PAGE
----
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Sunday, 13 January 2013 15:00

Making Dickie Happy shows in West End

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The brittle, brilliant world of England's literary and social elite is ingeniously depicted in this breezy, quick-witted re-staging which concerns a young Noel Coward and his boyfriend Tono, a young Lord Louis "Dickie" Mountbatten and Agatha Christie.

First staged in 2004 at North London's Rosemary Branch Theatre, it now descends on the West End, rather aptly just a stone's throw from Christie's The Mousetrap at St Martin's Theatre.

Writer Jeremy Kingston imagines what would have happened had the three, who in reality all holidayed at a hotel on Burgh Island off the Devon coast at various times, been brought together over one weekend. The weekend is, of course, fictitious, the people real. The trio find themselves at the hotel together. The First World War has ended but remains a vital memory. Three of the characters have been in the Navy (and two of them still are); a fourth fought in the trenches; and even Noel Coward served in the Army, though not for very long. The tale is a fascinating look at relationships, marriages, engagements, promises, hellos and goodbyes.

Agatha Christie is a little older than the men, married and the mother of a small daughter. At this early stage in her career she has written a couple of Hercule Poirot novels, The Mysterious Affair at Styles and Murder on the Links, and a volume of Poirot stories, Poirot Investigates, first serialised in the newspaper The Sketch.

'Dickie' Mountbatten is on the fringe of numerous royal families but only on the fringe. His carefully nurtured friendship with the Prince of Wales (later Edward VIII), has already helped his social profile, and he has recently accompanied the Prince on a successful tour of India.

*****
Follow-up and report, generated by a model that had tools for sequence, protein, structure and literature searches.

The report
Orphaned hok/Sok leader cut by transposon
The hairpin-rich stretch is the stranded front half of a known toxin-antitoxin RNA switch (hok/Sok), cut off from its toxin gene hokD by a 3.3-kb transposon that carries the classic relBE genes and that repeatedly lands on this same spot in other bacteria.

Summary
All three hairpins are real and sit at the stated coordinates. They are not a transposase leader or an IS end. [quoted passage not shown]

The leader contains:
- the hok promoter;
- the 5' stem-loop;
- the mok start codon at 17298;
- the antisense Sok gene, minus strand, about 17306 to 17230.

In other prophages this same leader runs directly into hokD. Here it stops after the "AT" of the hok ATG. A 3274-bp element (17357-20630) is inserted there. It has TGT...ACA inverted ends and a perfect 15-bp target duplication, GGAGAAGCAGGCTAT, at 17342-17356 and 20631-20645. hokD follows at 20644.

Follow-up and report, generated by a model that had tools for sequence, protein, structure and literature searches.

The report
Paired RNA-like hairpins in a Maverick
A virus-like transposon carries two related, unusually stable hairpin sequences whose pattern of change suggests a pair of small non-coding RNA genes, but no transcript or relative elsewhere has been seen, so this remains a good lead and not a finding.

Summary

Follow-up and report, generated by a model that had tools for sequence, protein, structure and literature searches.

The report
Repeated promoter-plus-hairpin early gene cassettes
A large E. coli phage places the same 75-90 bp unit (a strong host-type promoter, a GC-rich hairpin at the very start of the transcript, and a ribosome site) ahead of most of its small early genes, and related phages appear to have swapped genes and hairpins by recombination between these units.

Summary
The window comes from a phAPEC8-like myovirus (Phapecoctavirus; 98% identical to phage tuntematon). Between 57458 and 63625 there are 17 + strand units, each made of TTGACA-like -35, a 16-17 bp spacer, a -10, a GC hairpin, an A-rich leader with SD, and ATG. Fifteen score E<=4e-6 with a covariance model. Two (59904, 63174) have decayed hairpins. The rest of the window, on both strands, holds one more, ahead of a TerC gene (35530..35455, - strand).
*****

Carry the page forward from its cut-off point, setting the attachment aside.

Noel Coward was 19 when his first play, I'll Leave it to You, was produced in the West End, followed by a second, The Young Idea, and a revue, London Calling! (1923). Through these, he became a minor celebrity but real success lay ahead.

Robert Gillespie is mainly associated with new writing as a director.  He contributed to seventeen productions at the King's Head Theatre, most of them world premieres and directed the production of Making Dickie Happy at the Rosemary Branch Theatre (2004). He also directed a biting re-write of the Oedipus story, Oedipus at the Crossroads (2003) by Jeremy Kingston and Sex, Death and a Baked Swan (2005), a play about female gladiators by Debbie Cook, both of which saw first light at the Rosemary Branch Theatre. He has contributed shows to six Dublin Theatre Festivals and worked in Israel on, amongst other plays, Frayn's Noises Off (1980) at the Cameri Theatre, Tel Aviv, Israel.

Robert is probably best known as a TV sit-com actor, and starred as Dudley Rush, a part written for him by Brian Cooke, in five series of Keep it in the Family for Thames Television. He's also been in everything from Likely Lads to Dad's Army, Rising Damp and Porridge and he appeared as Gilbert Herring in Bonjour La Classe.  Recently, he featured in Cardboard Citizens' striking production of their WWII epic - Mincemeat.

As a writer Robert contributed to TV's That Was The Week That Was; especially A Consumer's Guide To Religion (performed by David Frost) which provoked fulminating clergyman and questions in the House.   Latterly, he has performed in his own two-hander My Heart (about death and gods) and directed Love, Question Mark, his piece about the myth of monogamy.

Jeremy Kingston was born in London and brought up in various Home Counties before returning to London where he worked as a credit clerk, a sculpture model at the Royal Academy, a barristers' junior clerk, secretary to John Lehmann on the London Magazine, and had his first play No Concern of Mine, with Alan Dobie and John Fraser in the leads, produced at the Westminster Theatre. Signs of the Times, starring Kenneth More and Liza Goddard, was produced at the Vaudeville. Robert Gillespie directed his Oedipus at the Crossroads at the King's Head, and directed the first production of Making Dickie Happy at the Rosemary Branch. Jeremy has written scripts for Desmond Morris on Granada TV, a novel, two children's books and in 2008 his first collection of poems, On the Lookout (Hearing Eye). He was the theatre critic on Punch for ten years and since 1985 has been one of the theatre critics on The Times.


  • Tristan Bates Theatre, 1a Tower Street, Covent Garden, London, WC2H 9NP
  • 5 to 30 March 2013 at 7.30pm (Tue to Sat) and mats at 3.30pm (Sun)
  • 020 7240 6283 
  • www.tristanbatestheatre.co.uk
  • This email address is being protected from spambots. You need JavaScript enabled to view it.  
  • £14 (£10 concs)

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